PracticeLink Magazine

SUMMER 2014

The career development quarterly for physicians of all specialties, PracticeLink Magazine provides readers with feature articles, compensation stats, helpful job search tips—as well as recruitment ads from organizations across the U.S.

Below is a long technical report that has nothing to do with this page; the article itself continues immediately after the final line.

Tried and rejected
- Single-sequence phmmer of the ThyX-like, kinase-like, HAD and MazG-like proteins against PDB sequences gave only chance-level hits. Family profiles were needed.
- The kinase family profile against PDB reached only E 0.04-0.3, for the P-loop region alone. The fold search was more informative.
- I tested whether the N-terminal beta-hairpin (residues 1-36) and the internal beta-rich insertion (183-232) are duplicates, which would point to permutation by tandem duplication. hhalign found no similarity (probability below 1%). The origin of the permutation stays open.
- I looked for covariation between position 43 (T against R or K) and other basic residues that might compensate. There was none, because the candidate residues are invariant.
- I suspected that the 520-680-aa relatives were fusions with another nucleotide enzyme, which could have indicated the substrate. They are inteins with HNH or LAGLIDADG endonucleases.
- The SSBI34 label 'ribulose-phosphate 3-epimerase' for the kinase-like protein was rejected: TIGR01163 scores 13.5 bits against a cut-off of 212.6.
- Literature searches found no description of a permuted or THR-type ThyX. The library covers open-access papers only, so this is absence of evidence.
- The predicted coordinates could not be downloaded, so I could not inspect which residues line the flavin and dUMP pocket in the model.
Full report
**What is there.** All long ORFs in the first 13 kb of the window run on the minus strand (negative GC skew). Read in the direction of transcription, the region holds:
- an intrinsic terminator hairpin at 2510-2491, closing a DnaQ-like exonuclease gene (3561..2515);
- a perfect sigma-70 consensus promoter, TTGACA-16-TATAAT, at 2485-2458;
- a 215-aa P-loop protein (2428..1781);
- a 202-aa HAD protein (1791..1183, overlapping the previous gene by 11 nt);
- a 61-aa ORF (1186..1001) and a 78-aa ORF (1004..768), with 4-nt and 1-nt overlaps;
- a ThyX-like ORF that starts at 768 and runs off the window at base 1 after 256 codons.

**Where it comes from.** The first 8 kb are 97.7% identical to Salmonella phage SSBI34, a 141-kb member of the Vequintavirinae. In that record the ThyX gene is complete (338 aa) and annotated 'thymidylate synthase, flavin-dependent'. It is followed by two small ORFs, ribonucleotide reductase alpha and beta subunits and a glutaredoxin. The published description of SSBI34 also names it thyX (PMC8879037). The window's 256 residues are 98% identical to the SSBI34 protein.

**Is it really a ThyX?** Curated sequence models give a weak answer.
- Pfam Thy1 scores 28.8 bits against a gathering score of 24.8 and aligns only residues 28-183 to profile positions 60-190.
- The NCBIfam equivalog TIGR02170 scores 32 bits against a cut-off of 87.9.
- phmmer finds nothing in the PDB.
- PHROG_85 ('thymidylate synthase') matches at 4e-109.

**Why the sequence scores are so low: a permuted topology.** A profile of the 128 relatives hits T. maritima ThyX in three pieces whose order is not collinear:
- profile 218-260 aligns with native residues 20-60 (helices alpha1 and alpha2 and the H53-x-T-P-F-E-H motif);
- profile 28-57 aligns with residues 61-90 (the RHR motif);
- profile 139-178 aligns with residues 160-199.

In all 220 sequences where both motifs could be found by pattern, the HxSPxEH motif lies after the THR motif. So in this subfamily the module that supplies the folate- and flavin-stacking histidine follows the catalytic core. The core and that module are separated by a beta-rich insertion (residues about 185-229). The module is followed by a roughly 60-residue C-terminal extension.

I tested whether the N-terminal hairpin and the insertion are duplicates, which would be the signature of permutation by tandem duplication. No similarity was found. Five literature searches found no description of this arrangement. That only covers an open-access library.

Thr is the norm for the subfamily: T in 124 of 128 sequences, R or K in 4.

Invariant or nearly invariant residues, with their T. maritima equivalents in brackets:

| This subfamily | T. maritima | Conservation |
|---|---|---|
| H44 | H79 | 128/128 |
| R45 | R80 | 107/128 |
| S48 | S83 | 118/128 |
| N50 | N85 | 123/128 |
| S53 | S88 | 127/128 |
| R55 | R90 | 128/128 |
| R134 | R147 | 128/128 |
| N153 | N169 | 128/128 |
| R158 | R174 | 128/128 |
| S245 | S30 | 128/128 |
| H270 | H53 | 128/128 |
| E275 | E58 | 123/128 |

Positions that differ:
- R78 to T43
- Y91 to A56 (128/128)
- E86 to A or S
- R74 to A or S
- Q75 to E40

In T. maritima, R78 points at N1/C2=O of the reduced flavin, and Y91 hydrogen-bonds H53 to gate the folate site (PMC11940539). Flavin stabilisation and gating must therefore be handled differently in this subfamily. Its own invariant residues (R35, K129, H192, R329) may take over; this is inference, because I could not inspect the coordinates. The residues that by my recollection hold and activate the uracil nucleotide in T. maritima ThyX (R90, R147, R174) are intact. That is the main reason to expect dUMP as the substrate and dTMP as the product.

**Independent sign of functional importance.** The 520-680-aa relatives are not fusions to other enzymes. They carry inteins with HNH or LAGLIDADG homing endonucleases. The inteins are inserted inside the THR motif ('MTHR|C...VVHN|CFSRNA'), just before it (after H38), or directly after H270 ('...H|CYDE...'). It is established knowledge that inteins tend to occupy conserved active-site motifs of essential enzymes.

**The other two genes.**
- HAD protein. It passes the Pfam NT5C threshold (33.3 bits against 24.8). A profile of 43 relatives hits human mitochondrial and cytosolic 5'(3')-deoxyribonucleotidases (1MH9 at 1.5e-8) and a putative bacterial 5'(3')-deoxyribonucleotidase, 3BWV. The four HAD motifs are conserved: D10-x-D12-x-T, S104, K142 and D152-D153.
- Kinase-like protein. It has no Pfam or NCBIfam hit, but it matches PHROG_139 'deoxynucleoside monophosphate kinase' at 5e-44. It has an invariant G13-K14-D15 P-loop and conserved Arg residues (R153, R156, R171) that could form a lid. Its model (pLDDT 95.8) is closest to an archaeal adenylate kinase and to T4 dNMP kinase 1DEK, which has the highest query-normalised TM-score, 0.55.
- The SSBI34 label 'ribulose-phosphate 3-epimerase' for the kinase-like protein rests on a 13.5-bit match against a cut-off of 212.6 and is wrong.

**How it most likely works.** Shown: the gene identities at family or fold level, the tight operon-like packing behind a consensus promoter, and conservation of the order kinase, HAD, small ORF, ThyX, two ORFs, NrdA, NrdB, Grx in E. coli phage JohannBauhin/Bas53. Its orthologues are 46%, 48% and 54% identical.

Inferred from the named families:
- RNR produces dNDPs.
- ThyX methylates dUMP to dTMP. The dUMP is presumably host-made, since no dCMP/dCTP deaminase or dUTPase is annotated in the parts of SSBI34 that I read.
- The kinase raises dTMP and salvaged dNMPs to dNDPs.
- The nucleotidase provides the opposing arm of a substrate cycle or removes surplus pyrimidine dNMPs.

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SUMMER 2014 PracticeLink.com | 67 I n the early 1930s, the Tennessee River area, encompass- ing parts of Alabama and six other states, was in sad shape. Erosion and soil depletion had led to bad crop yields, and the best timber had been cut. Poverty was rampant. Then along came Franklin D. Roosevelt, the New Deal and the signing of the Tennessee Valley Authority Act on May 18, 1933. In one of America's largest public projects, the river was dammed in 20 places. Flooding was controlled, navigation improved, electricity generated and several lakes formed, including Lake Guntersville, now Alabama's largest at 69,000 acres. (Locals call it Guntersville Lake.) The makeover, in effect, turned the city of Guntersville into a peninsula. It was the beginning of a climb to prosperity that continues today. Local residents are convinced that almost every activity and enterprise is either in the water, on the water or near the water. Both Gideon Ewing, M.D., and Jonathan Storey, M.D., heartily agree. They're hematology and oncology specialists who have become PH OTO BY JA MEY REED Water, water everywhere Guntersville, Ala. strong friends after arriving two years ago—Ewing from Mississippi and Storey from Florida. They work at the Marshall Cancer Care Center in Albertville but live in Guntersville. In fact, Storey's home has a screened porch overlooking the lake. The cancer center is a component of Marshall Medi- cal Center, which includes hospitals in both Gunters- ville and Boaz. In Albertville, the cancer care center is located in a professional building where other services are provided, such as a pain clinic, sleep disorder clinic and wound healing. All three have pain therapy facili- ties. As for cancer treatment, Storey notes that a recent aff liation with UAB Hospital/Birmingham can help his facility go even beyond its current capabilities. Built in 1990, Guntersville's Medical Center North is the newer of the two hospital facilities. It has four operating suites with an additional option of same-day surgery, offers specialty care in several areas, and has a 22,000-square-foot outpatient rehab and f tness center that includes a 75-foot lap pool. The Boaz location was built in 1956 but has more beds. Its 81 physicians provide care in more than 20 specialties. After just one visit to Guntersville, Ewing decided to Continued on page 69 2 4 3 - S u m 1 4 - L i v e - P r a c t i c e . i n d d 6 7 243-Sum14-Live-Practice.indd 67 6 / 1 3 / 1 4 1 1 : 5 1 A M 6/13/14 11:51 AM

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